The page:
James McCord’s Fascinating Watergate Testimony

November 14, 2017

James McCord

The researchers at OurHiddenHistory.org (http://ourhiddenhistory.org/) have been busy uploading lots of historical audio and visual recordings, we thank them for keeping this history alive. The only way to understand how we are being screwed today is to reflect on corruption in the past and recognize the patterns of crimes occuring today.
Yesterday I downloaded and listened to the Senate Watergate hearings, specifically the testimony of James McCord. Here is the link to get the MP3 for download:

https://archive.org/details/WatergateHearingsAudio

McCord is a fascinating character. A Nazi-Hunter for the FBI, he was later recruited into the CIA. In fact, he went on to run security for the entire CIA office complex. In an unusual turn of events, he left that prestigious position at CIA and signed on to Richard Nixon’s campaign for President. During Nixon’s bid for reelection McCord was snared in the Watergate break-in, a trap that was very likely intentionally sprung from inside. McCord was tasked with taping locks on several doors to allow entry for the team that was to wiretap and collect information from the Democratic National Committee offices. A watchman in the building removed the tape from the locks, and McCord re-installed more tape – leading to the discovery of the agents. With the exception of G.Gorden Liddy who was FBI, all the men involved were connected to the CIA.

McCord famously wrote this letter to Nixon security operative Jack Caufield, who had threatened McCord and previously sent him chasing clandestine phone calls at highway phone booths:

http://spartacus-educational.com/JFKmccordJ.htm

“On 21st December, 1972, McCord wrote a letter to Jack Caulfield: ” Sorry to have to write you this letter but felt you had to know. if Helms goes, and if the WG (Watergate) operation is laid at the CIA’s feet, where it does not belong, every tree in the forest will fall. It will be a scorched desert. The whole matter is at the precipice right now. Just pass the message that if they want it to blow, they are on exactly the right course. I’m sorry that you will get hurt in the fallout.”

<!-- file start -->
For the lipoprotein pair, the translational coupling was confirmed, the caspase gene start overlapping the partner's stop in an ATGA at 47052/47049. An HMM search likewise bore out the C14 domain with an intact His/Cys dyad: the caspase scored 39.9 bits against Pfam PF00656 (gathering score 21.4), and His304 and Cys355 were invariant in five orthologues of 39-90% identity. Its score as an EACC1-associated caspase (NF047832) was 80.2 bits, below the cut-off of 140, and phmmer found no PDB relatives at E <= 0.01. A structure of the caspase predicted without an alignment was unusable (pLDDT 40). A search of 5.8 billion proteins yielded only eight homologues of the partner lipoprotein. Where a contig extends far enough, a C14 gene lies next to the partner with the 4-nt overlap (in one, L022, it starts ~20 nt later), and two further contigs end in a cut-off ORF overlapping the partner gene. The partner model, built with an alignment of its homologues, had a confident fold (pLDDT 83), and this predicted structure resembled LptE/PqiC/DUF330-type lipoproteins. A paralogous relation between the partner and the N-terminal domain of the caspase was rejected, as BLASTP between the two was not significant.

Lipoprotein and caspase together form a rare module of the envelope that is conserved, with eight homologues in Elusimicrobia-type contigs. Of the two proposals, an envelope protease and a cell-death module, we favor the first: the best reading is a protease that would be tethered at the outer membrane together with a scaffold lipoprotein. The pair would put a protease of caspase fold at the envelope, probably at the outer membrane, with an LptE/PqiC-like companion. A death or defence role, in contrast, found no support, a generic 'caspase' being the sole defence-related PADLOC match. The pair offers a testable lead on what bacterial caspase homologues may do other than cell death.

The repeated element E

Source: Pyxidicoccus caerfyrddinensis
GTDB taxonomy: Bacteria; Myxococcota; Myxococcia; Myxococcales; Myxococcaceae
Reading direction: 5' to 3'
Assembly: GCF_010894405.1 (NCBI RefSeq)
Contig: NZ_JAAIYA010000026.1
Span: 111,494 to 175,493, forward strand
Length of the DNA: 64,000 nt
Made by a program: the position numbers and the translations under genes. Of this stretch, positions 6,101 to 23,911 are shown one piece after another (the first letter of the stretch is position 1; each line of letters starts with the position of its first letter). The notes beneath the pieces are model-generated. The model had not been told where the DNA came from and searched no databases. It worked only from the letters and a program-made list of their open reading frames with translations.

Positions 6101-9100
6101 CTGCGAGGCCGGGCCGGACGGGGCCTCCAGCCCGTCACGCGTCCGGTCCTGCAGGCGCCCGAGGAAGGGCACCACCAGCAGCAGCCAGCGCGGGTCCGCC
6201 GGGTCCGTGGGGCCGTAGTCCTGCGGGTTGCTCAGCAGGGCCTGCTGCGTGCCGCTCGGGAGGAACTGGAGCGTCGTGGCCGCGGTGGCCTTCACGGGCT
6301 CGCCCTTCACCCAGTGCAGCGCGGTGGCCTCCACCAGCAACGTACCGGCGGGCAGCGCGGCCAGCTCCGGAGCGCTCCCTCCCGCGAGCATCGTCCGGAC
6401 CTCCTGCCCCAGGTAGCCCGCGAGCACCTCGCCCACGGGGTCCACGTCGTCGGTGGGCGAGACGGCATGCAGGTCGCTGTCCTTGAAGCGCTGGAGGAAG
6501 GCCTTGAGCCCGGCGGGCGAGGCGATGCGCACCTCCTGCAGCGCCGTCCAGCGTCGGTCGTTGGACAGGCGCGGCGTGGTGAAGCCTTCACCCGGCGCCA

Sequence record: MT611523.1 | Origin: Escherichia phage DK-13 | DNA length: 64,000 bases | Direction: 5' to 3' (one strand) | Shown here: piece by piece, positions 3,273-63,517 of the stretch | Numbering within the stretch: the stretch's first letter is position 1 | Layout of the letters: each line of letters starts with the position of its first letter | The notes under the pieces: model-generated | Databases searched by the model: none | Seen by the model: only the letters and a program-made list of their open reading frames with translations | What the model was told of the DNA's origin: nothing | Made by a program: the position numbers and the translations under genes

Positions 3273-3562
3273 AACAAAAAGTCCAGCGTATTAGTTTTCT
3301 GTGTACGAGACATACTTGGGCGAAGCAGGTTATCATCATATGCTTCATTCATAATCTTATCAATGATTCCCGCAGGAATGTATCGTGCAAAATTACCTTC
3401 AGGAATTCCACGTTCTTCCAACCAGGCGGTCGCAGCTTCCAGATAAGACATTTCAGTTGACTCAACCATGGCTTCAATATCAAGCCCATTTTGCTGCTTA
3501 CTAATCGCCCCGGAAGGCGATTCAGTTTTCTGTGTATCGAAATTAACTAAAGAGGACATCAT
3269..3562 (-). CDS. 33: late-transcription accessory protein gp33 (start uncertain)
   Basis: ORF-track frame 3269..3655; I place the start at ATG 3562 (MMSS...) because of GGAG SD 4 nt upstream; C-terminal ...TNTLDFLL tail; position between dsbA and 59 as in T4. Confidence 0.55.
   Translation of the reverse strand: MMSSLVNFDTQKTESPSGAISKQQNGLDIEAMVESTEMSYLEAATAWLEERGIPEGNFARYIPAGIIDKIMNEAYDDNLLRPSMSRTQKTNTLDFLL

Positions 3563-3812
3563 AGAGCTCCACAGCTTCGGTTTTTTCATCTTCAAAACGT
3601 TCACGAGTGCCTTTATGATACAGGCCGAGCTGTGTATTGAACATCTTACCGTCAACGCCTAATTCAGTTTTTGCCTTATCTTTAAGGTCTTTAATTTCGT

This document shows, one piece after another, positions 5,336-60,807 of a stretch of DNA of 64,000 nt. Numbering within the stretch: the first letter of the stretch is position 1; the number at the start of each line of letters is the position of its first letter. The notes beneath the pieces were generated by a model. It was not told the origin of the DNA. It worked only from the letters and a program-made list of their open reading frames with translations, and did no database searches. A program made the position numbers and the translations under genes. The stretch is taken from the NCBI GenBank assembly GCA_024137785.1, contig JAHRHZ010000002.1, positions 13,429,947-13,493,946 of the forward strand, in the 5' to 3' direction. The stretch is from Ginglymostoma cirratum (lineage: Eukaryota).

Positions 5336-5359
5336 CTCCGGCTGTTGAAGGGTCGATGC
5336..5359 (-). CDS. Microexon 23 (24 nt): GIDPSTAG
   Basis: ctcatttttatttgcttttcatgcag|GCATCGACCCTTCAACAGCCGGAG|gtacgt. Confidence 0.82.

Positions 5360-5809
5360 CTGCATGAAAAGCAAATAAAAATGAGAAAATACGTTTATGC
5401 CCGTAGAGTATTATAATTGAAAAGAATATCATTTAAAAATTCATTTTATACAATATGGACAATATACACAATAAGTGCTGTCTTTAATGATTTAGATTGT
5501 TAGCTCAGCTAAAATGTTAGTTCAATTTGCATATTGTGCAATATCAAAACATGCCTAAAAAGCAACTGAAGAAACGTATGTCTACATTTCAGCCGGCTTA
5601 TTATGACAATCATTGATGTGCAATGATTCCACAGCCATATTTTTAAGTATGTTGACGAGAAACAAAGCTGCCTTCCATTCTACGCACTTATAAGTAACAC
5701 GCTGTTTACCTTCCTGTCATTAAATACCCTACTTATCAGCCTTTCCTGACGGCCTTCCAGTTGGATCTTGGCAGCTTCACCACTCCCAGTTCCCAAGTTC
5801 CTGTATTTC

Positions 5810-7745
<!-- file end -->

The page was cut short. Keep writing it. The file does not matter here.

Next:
Caulfield was unable to persuade Richard Nixon to leave the CIA alone. On 30th January, 1973, McCord, Gordon Liddy, Frank Sturgis, E. Howard Hunt, Virgilio Gonzalez, Eugenio Martinez, and Bernard L. Barker were convicted of conspiracy, burglary and wiretapping.

In February, 1973, Richard Helms was sacked by Nixon. The following month McCord carried out his threat. On 19th March, 1973, McCord wrote a letter to Judge John J. Sirica claiming that the defendants had pleaded guilty under pressure (from John Dean and John N. Mitchell) and that perjury had been committed.”
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Listening to McCord’s testimony, I found myself remarkably sympathetic to his situation. He tip-toes around discussing his fellow CIA operative Howard Hunt and complains bitterly about his treatment by Jack Caufield. He mentions receiving payments from Dorthy Hunt, Howard Hunt’s wife who was mysteriously killed only months earlier in a plane crash:

https://en.wikipedia.org/wiki/United_Airlines_Flight_553

“Dorothy Hunt’s death led to the accident becoming caught up in rumors and conspiracy theories related to the unfolding Watergate scandal.[8] Mrs. Hunt was carrying $10,000 in $100 bills when the plane crashed, and some alleged that this money was meant for people connected to Watergate.[2][8] James McCord alleged that Mrs. Hunt supplied the Watergate defendants with money for legal expenses.[2] The FBI’s appearance at the crash scene was also regarded by some as unusually fast.[7][8] Skeptics of the official narrative speculated that the plane was targeted due to Mrs. Hunt’s presence on board, and that sabotage of the flight was covered up by government agencies. As a result, the accident became known as “the Watergate crash.”[7][8]”
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Despite McCord’s intense – and often very funny – testimony, we can feel an underlying reservation to reveal the complete story, something that is only being understood decades later.
If you’ve got an extra hour or so, give this testimony a listen. It’s an important slice of history that is just as relevant today.

Also, please visit our friends at “Our Hidden History”:

http://ourhiddenhistory.org/

Link to McCord’s testimony:

https://archive.org/details/WatergateHearingsAudio

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